In this post I present what constitutes the 1st of a planned trilogy of articles on issues related to property dispossession. Entitled From Reparation to Restoration: Moving beyond Restoring Property Rights to Restoring Political and Economic Visibility, and just published in the Southern Methodist University Law Review, this article explores 2 important questions facing countries that decide to give communities and individuals compensation for property stolen in the past. The questions are:
► Who at minimum should be restored?
► How should the restorative process transpire?
As to the 1st question, I argue that, at minimum, the state has a moral obligation to compensate people who have been subjected to severe dehumanization as a result of an uncompensated property confiscation. My claim is that this confiscation of property results in property-induced invisibility; that is, people are removed from the social contract and made invisible. Instances of such property-induced invisibility can be seen throughout history among native peoples whose land was stolen through conquest. Also, Tutsi and moderate Hutu subjected to property confiscation during the Rwandan genocide. The dispossession of nonwhites during apartheid governments' incessant campaign of dehumanization would be yet another modern-day examples of property-induced invisibility.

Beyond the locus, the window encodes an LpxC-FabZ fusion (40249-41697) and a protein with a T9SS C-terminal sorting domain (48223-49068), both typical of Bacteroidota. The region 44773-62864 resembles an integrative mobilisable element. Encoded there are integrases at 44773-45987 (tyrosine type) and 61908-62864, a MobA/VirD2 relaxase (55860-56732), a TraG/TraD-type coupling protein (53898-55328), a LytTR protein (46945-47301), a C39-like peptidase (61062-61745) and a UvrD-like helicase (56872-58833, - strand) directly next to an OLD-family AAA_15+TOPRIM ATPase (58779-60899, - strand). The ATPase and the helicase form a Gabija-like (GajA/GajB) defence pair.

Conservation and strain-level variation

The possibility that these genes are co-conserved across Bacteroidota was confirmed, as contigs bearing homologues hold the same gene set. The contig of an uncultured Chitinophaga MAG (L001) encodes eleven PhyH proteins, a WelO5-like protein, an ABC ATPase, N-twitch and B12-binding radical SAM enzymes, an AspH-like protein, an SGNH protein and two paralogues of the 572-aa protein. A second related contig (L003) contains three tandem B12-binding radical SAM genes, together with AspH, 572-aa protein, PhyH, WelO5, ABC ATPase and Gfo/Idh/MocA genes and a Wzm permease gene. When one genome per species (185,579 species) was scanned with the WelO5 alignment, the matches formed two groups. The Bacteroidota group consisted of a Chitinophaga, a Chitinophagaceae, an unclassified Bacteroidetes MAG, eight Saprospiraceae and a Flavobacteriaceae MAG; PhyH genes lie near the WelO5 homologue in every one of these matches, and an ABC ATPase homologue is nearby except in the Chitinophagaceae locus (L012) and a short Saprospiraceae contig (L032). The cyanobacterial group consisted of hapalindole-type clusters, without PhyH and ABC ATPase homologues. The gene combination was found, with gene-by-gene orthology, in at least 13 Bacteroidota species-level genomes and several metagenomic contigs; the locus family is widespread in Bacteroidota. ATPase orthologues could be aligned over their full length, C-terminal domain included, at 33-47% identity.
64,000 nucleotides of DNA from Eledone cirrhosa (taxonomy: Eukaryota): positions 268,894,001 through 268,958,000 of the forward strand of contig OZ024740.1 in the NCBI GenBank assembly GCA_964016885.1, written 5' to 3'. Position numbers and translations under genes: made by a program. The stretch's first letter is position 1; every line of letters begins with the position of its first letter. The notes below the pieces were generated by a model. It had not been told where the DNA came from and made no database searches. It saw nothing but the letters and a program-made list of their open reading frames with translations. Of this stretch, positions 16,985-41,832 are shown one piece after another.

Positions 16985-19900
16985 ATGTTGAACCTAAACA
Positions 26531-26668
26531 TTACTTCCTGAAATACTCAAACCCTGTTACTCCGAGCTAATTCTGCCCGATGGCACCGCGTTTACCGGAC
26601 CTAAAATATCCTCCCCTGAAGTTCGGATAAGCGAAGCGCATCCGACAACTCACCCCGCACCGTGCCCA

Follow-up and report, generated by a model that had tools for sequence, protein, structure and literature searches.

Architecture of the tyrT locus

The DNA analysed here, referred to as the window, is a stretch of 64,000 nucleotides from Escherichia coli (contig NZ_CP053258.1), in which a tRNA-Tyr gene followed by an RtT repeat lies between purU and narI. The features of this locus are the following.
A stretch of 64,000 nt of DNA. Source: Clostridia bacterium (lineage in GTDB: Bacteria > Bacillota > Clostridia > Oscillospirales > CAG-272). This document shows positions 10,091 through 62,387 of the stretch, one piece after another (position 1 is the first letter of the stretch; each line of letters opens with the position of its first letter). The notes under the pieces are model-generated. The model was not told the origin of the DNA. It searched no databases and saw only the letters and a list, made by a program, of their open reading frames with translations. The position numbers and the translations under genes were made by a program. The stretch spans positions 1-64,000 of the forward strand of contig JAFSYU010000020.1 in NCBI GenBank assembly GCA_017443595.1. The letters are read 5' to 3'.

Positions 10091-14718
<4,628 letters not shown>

As to the 2d question, I argue that societies must redirect their focus from the limited concept of reparations to restoration. When the concept of reparations is invoked, the goal is to secure compensation for past wrongs; however, the state does not allow the dispossessed to choose how they are compensated. Restoration, in contrast, is a larger project -- a project of restoring a dispossessed group or individual’s relationship to society, of including them in the social contract and thereby reversing the condition and effects of their property-induced invisibility. Restoration is accomplished through a bottom-up process that provides asset-based choices; that is, choices that both allow people to decide how they are to be made whole and give people viable options from which to make that decision. The options may vary according to what is possible; for example:
► return of property
► alternative property
► monetary compensation
► free higher education for 2 generations
► priority in an already established housing process
► highly subsidized access to credit
The article then moves to an evaluation of South Africa’s Land Restitution Program, as a means of testing the theoretical concepts of property-induced invisibility and restoration previously set forth. More specifically, I investigate whether, as a baseline, South Africans who were subjected to property-induced invisibility are benefiting from the Land Restitution Program. In addition, I offer recommendations on how the government can transform the Land Restitution Program from a reparations program to a restoration program.
(photo courtesy of South Africa's Commissions on Restitution of Land Rights)